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Can anyone give me a detailed explanation about the profile gotten by adb shell dumpsys meminfo my-app-name?

The result is just as below as it mentioned in How to discover memory usage of my application in Android:

** MEMINFO in pid 890 [process-name] **
                    native   dalvik    other    total
            size:    10940     7047      N/A    17987
       allocated:     8943     5516      N/A    14459
            free:      336     1531      N/A     1867
           (Pss):     4585     9282    11916    25783
  (shared dirty):     2184     3596      916     6696
    (priv dirty):     4504     5956     7456    17916

 Objects
           Views:      149        ViewRoots:        4
     AppContexts:       13       Activities:        0
          Assets:        4    AssetManagers:        4
   Local Binders:      141    Proxy Binders:      158
Death Recipients:       49
 OpenSSL Sockets:        0

 SQL
            heap:      205          dbFiles:        0
       numPagers:        0   inactivePageKB:        0
    activePageKB:        0

What does the each column (native, dalvik, other, total) mean? especially what's the "other" column (I can't figure out what's that besides native and dalvik)? It would be great if someone can give a concrete example to elaborate about this. e.g. I have an app A. A has its own object obj_private and its own native library lib_private. Besides, A references some object of Android framework obj_shared and some native lib of Android framework lib_shared. And obj_shared reference some native lib of Android lib_shared_indirect. For this case, can I say those?

  1. The "total size" equals all memory used by "obj_private + lib_private + obj_shared + lib_shared + lib_shared_indirect".
  2. The "private dirty" equals memory dirtied by "obj_private + lib_private"

The reason we want to make clear about this is: there are some unusual runtime-memory increase of our latest version app compared to previous version. And when I used the dumpsys meminfo, I found the columns "native" and "other" increased dramatically. But the change of the new version is only related to java and there is no explain about the "other" column. I googled this and found no document. I also tried to read the source code of the adb. But I found it's easy to get lost in the source code for novice like me. So I post this question here in case that some one can help.

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Please check stackoverflow.com/questions/2298208/… –  Shashank Tomar Nov 9 '12 at 2:56

1 Answer 1

We now have more documentation covering RAM use in Android that goes into some detail about what different RAM numbers mean: Managing Your App's Memory. In particular, have a look at the middle of the page here that discusses key parts of the meminfo dump: Investigating Your RAM Usage.

It looks like your meminfo output is from a fairly old version of Android, before we could identify many of the different types of allocations. To map what you are seeing to the current documentation, just consider "other" to be everything that the modern dump shows besides the native and dalvik sections. In your dump, I believe your dalvik section is actually the modern "Dalvik Heap" and "Dalvik Other" put together.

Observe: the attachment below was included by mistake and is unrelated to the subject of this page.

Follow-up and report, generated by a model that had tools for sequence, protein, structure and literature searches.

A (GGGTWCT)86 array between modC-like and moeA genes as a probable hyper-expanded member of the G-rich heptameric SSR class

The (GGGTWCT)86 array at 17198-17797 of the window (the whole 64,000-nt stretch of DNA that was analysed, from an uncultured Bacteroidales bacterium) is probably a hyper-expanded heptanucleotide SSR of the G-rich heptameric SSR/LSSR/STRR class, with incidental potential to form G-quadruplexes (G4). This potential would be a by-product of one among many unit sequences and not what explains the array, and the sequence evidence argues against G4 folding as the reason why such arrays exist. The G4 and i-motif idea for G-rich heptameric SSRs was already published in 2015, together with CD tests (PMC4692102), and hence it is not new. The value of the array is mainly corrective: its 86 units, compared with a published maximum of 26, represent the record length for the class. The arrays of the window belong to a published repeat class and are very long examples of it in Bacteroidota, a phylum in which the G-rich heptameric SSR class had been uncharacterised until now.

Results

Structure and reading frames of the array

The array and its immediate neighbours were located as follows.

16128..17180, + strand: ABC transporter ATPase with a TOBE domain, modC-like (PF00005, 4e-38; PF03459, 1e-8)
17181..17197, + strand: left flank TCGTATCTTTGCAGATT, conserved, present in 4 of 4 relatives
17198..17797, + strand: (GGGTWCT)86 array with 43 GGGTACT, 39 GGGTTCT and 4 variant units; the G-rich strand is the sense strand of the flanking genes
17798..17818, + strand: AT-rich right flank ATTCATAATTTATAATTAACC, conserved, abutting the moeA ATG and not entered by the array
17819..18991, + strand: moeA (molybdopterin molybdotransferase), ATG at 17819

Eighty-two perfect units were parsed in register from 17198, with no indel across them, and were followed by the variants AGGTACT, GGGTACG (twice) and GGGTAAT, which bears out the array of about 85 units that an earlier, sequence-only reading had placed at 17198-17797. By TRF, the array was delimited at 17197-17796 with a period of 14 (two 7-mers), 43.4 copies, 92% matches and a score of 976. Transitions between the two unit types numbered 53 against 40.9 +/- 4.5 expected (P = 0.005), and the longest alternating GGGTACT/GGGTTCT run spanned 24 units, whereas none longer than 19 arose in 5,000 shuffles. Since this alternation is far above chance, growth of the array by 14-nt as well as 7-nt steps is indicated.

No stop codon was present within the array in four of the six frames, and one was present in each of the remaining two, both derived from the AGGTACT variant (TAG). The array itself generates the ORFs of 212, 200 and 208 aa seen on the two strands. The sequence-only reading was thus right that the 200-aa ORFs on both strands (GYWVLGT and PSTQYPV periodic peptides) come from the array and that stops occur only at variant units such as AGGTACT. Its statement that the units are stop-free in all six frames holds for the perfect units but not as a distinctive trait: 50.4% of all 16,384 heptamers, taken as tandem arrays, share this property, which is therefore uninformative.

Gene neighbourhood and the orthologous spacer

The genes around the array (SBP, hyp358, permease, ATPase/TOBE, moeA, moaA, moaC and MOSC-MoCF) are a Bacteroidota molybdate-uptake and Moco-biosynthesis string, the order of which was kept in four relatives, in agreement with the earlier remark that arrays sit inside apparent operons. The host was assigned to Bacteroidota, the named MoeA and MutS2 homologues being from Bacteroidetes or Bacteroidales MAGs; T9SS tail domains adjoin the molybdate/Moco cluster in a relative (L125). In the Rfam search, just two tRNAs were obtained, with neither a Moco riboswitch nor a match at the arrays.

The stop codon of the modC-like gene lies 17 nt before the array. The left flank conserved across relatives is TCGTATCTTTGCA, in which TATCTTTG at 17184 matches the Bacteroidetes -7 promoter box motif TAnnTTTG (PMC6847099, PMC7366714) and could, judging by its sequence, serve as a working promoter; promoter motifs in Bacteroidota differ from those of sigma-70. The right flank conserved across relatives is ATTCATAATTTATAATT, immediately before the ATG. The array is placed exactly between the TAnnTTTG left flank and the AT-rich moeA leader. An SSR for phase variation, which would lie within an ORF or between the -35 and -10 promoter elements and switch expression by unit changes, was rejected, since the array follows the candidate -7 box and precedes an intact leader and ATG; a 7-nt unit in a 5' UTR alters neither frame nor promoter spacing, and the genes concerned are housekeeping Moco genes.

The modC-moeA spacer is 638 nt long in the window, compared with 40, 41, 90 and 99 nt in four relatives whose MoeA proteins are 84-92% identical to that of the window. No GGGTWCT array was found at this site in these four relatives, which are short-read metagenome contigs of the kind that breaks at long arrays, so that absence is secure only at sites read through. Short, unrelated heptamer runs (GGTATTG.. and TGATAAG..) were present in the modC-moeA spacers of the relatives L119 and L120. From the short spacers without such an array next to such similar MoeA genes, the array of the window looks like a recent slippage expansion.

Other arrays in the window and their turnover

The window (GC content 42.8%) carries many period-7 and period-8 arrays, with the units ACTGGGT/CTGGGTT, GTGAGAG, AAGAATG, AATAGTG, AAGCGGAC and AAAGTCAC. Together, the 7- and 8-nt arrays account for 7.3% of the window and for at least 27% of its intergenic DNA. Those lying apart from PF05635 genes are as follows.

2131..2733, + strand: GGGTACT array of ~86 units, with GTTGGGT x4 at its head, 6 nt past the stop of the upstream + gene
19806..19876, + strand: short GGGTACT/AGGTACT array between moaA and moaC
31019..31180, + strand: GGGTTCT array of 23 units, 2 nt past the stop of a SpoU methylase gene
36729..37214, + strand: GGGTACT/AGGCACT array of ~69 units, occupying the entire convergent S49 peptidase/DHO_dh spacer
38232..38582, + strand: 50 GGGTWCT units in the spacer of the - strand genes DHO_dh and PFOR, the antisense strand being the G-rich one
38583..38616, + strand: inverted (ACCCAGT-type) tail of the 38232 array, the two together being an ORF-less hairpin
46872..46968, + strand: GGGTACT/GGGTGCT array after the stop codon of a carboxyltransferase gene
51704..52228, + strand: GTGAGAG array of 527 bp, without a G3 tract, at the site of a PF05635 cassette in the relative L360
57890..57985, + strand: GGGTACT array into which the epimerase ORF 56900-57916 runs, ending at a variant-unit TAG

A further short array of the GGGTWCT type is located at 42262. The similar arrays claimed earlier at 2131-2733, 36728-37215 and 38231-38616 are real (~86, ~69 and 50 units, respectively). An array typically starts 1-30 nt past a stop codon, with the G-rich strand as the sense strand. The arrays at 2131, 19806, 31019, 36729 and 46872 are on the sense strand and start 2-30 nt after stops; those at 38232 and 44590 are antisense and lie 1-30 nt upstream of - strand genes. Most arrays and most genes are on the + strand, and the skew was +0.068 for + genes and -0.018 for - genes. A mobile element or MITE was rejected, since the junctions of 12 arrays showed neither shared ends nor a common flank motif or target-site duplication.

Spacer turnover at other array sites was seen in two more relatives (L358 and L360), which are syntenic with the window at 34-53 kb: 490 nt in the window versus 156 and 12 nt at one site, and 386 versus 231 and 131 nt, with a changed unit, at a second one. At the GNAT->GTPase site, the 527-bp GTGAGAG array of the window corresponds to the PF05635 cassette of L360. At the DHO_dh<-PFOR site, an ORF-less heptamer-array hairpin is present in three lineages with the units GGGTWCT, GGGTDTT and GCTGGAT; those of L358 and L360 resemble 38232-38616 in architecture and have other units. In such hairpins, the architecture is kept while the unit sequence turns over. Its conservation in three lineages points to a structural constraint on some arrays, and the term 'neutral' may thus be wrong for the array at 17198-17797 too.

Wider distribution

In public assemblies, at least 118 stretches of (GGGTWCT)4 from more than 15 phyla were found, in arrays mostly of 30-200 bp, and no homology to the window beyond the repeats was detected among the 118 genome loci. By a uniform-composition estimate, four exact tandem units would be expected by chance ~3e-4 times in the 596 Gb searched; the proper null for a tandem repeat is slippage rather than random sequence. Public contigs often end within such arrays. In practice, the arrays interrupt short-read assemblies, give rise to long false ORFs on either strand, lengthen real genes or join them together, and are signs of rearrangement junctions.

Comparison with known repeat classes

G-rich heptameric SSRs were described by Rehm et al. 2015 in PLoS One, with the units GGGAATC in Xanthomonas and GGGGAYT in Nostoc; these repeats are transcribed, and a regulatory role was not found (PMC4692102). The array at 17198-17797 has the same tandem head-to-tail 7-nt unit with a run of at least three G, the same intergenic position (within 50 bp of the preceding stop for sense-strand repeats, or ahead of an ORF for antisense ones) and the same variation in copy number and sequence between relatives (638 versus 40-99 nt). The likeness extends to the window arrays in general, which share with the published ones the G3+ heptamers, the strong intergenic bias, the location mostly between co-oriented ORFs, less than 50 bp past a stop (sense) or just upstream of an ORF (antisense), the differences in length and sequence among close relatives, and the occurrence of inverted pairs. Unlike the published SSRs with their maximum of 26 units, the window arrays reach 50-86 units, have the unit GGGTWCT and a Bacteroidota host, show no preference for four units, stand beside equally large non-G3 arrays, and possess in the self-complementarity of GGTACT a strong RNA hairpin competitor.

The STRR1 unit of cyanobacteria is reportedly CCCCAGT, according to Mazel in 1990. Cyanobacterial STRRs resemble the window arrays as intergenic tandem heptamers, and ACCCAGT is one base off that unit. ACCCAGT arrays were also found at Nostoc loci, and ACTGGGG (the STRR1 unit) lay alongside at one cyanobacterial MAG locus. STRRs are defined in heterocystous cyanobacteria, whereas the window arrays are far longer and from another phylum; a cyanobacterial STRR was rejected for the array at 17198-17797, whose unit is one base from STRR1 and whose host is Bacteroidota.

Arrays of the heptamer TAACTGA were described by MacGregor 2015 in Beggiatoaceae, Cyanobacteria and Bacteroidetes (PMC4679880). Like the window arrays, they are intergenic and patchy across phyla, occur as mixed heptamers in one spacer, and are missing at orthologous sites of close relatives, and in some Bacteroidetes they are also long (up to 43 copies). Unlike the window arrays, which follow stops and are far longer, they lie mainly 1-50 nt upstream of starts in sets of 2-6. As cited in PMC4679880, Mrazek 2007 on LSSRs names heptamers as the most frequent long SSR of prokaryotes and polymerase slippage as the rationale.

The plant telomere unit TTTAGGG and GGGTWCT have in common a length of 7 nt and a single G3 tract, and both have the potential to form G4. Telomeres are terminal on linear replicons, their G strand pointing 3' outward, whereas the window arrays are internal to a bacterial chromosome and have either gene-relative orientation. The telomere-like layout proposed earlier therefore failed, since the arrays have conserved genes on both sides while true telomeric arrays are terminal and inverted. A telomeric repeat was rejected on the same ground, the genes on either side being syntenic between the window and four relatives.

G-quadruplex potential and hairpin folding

As far as the native and other sections increasingly after only a change in the Java code, yes this can certainly happen. A number of parts of the Android Java API sits on top of native allocations, and can also cause other allocations. The classic example of this would be bitmaps on Gingerbread and earlier, where the data for the bitmap was a native allocation rather than being an array allocations in the Java heap as it is today.

Your increased other allocations can be due to a number of things as you will see listed in the more recent versions of the data -- the memory backing cursors, shared memory areas from ashmem, devices allocating things for you such as graphics textures, etc. There are so many things it can be hard to say what might be going on, which is why the report is more detailed these days. (And even there, we still have a number of things that get collapsed in to unknown.)

For debugging this, you probably want to look at your Java heap for leaked objects. Since the actual allocation for the object is not in the Java heap, this can be tricky of course. I'd suggest taking a heap dump early in your app, do whatever you do that causes its RAM footprint to increase, take a heap dump after that, and look for what object counts have increased. The referenced documentation shows how to compare heap dumps with MAT.

Also when you are looking at your Java heap just as a general analysis (except when doing diffs), always be sure to follow the instructions there for stripping out the zygote part of the heap. As the documentation mentions, every process has a large number of allocations from zygote, but these are shared across all processes so not generally relevant for heap analysis. I very often see people concerned because they see a lot of very large bitmaps in their app that the system seems to have allocated on them, and think that is the major thing using RAM in their app, when it is not, it is just the shared allocations from zygote.

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